I love sport.
I love everything about sport. The blood, the sweat, the tears, the adrenaline, the underdogs, the upsets, the competition, the everything.
And with the winter Olympics in full swing I am reminded daily of the way that sport can bring people together and the way that it can drive them apart.
As Canadians we have been aware of the term “Own the Podium” for the last year or more. It’s the name of the program that the Canadian Olympic Committee started to help propel Canadian athletes to the top of their sports. So far this program has been met with various receptions from Canadians. Some feel that it hasn’t worked because we aren’t currently atop the overall medal standings, and some see the improvement that we have made over past Olympiads. I love it.
As I write this blog Canada has 5 gold medals in these games. We have gold from athletes that we didn’t expect gold from, and we have unfortunate results from some athletes that were pegged to finish higher. And still, when I look and see that the Americans have 7 gold medals I am not worried. Certainly the competitor in me wants to pass them, to beat at least the Americans, the loud, boisterous, affluent neighbours to the south that they are. But at the same time I am reminded that the Americans have a population 10 times the size of ours to draw athletes from. And they do. Canada being able to go toe to toe with the States in gold medals is a fantastic achievement. I love it.
That population and talent pool example is the exact one that non-traditional hockey nations use when they face Canada. Playing against our boys becomes a De facto gold medal game for teams like Belarus and the Swiss. And that’s why you see the energy and effort from teams like the Swiss in the 3-2 shootout win from earlier in the tournament. I love it.
That notion should be something that we keep in mind when we look at speed skating, where Canadian athletes do quite well, but are more famous in the Netherlands for their accomplishments. Or in Biathlon which is the national sport in Germany, but a footnote in Canada during non-Olympic years. Having athletes in the top 10 in these events is a great showing, and in the case of speed skating Canada plays above our heads. I love it.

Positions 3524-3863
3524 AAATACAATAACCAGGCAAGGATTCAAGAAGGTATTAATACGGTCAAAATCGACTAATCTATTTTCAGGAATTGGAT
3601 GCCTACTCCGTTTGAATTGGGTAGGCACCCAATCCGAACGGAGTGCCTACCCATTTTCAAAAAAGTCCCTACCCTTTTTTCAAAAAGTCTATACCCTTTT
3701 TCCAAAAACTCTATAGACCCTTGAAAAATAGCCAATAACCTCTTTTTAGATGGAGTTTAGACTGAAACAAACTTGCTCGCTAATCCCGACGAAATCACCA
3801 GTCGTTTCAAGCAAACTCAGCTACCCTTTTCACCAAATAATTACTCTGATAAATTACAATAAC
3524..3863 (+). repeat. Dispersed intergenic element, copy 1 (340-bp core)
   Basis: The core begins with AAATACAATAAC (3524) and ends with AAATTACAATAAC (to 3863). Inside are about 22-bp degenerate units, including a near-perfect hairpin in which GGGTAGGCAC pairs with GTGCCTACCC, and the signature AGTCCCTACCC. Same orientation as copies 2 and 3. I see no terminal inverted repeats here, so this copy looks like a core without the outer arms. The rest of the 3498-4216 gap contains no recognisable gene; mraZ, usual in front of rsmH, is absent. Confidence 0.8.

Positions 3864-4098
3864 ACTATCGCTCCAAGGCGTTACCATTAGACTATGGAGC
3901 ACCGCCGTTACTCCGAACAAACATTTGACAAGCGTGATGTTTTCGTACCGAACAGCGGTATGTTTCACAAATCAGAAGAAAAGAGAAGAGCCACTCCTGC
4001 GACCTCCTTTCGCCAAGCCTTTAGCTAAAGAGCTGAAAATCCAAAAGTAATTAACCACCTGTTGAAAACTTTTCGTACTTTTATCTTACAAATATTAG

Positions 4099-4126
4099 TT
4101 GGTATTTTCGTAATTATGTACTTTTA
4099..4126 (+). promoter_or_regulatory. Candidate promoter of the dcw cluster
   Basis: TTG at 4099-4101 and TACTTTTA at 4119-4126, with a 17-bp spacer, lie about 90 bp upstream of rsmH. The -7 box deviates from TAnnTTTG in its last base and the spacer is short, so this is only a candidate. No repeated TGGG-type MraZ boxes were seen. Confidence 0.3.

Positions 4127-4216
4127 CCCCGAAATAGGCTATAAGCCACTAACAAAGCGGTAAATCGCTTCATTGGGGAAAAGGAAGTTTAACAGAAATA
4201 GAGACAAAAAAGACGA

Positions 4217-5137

Coming up this week Canada has chances to win gold medals in Women’s Hockey, Men’s and Women’s Curling, Women’s Ski Cross, Women’s Figure Skating and others. Notice how I didn’t mention Men’s Hockey. That’s a whole other story of its own. I am glad that I have Thursday off so that I can watch the Canada vs. USA battle in Woman’s puck. I am confident in the chances of both Kevin Martin and Cheryl Bernard as they enter the play-off round of the Curling competition and my sentimentality kicks into high gear when I think of Joannie Rochette and the grief that she will be fighting through as she takes the ice in the Women’s Figure Skating programs starting tonight. I have never hoped that someone would win a gold medal the way that I am hoping for her this week. I love it.
With regards to the Men’s Hockey situation let me say this. Calm down Canada. These dudes are professionals, something that we don’t say about many other athletes at these games. They know how to deal with adversity and they know how to deal with pressure. And if they are truly the better team on the ice, and not just the more talented collection of players, they will come through and show that to the world in the next 6 days. It starts with Germany tonight, and then Russia tomorrow if the game goes well. And that showdown with Russia will be the biggest mid-week hockey game in a long, long time for Canadian fans and hockey fans the world over. It will be Sidney Crosby vs. Alexander Ovechkin with the winner going home, no medal, no parade, no national anthem, no glory, just a loss and disappointment. It is going to happen to someone, here’s hoping that it’s not Sidney. As a side note, if it does come down to Canada vs. Russia look out for Alex Ovechkin, this kid hates losing, and more than that, he hates losing to Sid. Determination and possibly domination will personified by Ovechkin himself. I love it.
This is also a big week for me because Spring Training has started in Arizona and Florida for Major League Baseball. Now, I won’t get into that too much because it’s a long season and I’m going to have lots to say during it. But it does excite me. It means that spring is coming whether a groundhog or a snow storm like it. It means that I am close to hot dogs and beer and lemonade and score books. It means that soon I’ll be able to be a little boy at the ball park all over again, even though I turned 28 on Sunday. I love it.
Other big sporting moments upcoming include the Olympic Closing Ceremonies; the NHL trade deadline; the NBA play-offs and my fantasy baseball draft. I love it.
All said and done, I love sport. Not just sports, but sport itself. It will bring a country and her people to their feet to sing the national anthem. It will turn skiers like Alexandre Biladeau into legends. It will make you smile, cheer and cry. And I love it.
It starts with Germany tonight, and then Russia tomorrow if the game goes well. And that showdown with Russia will be the biggest mid-week hockey game in a long, long time for Canadian fans and hockey fans the world over. It will be Sidney Crosby vs. Alexander Ovechkin with the winner going home, no medal, no parade, no national anthem, no glory, just a loss and disappointment. It is going to happen to someone, here’s hoping that it’s not Sidney. As a side note, if it does come down to Canada vs. Russia look out for Alex Ovechkin, this kid hates losing, and more than that, he hates losing to Sid. Determination and possibly domination will personified by Ovechkin himself. I love it.